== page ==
In Florida, Gov.-elect Rick Scott (R) has been mum on his plans for the state's Tampa-Orlando line, thought to be the nation's most likely project. But in debates and campaign appearances, he was adamant that the project not use state funds. The state has received more than $2 billion in federal grants for the $2.6 billion project. The state is seeking another $300 million to be combined with state funds to complete the line.
'Mixed' election results
Andy Kunz, president of the U.S. High Speed Rail Association, said the election night results were "mixed" and that he was worried about what would happen when incoming governors started pushing back against the rail lines.
"The cities and states and regions that get high-speed rail will prosper, while the ones that don't will suffer. There's no two ways of looking at it," Kunz said. "Some people are really trying to hang on to the past."
Still, supporters did see a victory in California, where pro-rail Democrat Jerry Brown defeated Republican Meg Whitman, who had opposed state spending on the lines. The line, expected to break ground in 2012 and slated to initially run from San Francisco to Los Angeles, is considered one of the most promising after Tampa-Orlando.
Mary Ellen Curto, executive director of the American High-Speed Rail Alliance, said she would wait to see what happened as the Republicans left campaign mode and began thinking about the issues around high-speed rail.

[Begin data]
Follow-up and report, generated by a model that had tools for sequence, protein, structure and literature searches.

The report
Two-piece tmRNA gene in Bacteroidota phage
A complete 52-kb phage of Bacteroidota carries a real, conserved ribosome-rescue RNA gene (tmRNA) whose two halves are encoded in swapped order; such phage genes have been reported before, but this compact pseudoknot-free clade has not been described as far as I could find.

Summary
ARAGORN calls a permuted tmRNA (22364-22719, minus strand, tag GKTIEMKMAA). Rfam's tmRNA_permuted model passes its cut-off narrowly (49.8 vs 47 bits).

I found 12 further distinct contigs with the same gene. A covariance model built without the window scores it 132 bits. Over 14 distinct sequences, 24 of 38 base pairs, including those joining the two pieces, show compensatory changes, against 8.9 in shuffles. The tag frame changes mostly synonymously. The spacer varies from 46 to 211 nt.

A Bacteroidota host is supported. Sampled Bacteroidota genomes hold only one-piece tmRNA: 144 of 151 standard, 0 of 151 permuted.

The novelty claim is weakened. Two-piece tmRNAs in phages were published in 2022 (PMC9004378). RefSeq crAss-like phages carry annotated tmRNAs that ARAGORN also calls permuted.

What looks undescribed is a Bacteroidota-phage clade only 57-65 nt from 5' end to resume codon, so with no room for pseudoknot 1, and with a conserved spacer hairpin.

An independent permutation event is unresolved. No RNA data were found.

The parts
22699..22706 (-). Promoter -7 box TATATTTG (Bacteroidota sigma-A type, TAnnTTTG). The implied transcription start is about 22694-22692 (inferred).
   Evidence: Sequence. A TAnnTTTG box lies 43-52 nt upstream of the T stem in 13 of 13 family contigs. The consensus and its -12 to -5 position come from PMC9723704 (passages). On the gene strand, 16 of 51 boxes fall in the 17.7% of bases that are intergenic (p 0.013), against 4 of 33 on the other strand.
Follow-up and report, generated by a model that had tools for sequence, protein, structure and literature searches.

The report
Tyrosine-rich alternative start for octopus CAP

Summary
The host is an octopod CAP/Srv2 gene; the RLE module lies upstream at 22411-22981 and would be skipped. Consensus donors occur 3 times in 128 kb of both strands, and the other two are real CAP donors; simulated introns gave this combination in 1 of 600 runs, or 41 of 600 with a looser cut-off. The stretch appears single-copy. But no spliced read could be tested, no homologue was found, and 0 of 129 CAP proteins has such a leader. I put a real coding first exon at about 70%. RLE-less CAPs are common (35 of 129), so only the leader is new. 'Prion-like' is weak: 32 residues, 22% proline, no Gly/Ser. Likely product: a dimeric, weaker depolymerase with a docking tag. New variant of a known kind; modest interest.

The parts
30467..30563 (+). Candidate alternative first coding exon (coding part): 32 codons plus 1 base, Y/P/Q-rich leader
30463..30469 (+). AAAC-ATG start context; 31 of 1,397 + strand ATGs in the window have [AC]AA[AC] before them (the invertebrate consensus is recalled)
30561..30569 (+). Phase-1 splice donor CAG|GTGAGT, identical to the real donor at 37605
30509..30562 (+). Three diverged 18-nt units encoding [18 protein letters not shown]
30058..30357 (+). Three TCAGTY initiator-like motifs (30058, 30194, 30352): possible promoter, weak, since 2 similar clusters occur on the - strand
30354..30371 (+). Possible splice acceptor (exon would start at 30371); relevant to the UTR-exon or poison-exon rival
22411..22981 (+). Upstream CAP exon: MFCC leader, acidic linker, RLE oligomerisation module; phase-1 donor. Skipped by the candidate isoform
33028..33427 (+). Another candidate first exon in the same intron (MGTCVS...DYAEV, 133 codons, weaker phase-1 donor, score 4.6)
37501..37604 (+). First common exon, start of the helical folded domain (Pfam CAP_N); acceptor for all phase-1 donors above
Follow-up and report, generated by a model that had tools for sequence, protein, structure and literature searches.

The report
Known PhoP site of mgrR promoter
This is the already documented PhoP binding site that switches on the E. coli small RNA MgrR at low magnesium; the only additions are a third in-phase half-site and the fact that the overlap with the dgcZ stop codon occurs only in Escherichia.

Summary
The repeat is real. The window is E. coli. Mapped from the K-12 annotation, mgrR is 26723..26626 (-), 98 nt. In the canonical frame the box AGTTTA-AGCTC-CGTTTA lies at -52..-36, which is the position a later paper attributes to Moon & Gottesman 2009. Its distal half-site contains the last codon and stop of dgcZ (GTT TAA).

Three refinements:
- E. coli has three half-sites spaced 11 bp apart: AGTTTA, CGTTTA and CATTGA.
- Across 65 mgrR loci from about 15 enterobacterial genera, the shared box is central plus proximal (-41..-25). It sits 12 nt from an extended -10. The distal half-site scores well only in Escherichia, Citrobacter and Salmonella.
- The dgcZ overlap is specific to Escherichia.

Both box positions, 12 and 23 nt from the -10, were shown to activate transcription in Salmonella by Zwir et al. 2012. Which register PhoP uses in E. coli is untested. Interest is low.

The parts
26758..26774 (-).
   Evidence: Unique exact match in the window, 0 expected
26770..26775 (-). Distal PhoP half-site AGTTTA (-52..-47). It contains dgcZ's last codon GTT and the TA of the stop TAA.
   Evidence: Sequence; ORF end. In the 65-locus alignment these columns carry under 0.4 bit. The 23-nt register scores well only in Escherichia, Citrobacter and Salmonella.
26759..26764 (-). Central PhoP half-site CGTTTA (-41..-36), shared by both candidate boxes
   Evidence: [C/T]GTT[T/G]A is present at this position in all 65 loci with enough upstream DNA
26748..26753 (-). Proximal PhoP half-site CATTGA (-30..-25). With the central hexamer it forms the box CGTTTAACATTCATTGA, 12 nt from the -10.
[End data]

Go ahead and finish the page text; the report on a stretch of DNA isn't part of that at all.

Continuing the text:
"I think Republicans have a very clear idea that congestion on the ground and in the air is affecting productivity and is affecting overall global competitiveness," Curto said. "I think the way high-speed rail is going to get implemented in this country is in places where the metrics show it's a positive business model. If these governors have data that show it's not going to give a good return on investment, then they're doing what's best for their state."
Both Walker and Kasich have promised to either return or redirect federal grants. Returning the money would put it back in a pool for rail lines in other states and the Department of Transportation says rail funds cannot be used for another purpose, such as road repair.
Ken Prendergast, executive director of the pro-train group All Aboard Ohio, said he could not tell whether Kasich would follow through on his promise to return the funds. But he said that Kasich, who has criticized the 3C project for being too slow, is demonstrating that he does not understand how rail development will happen.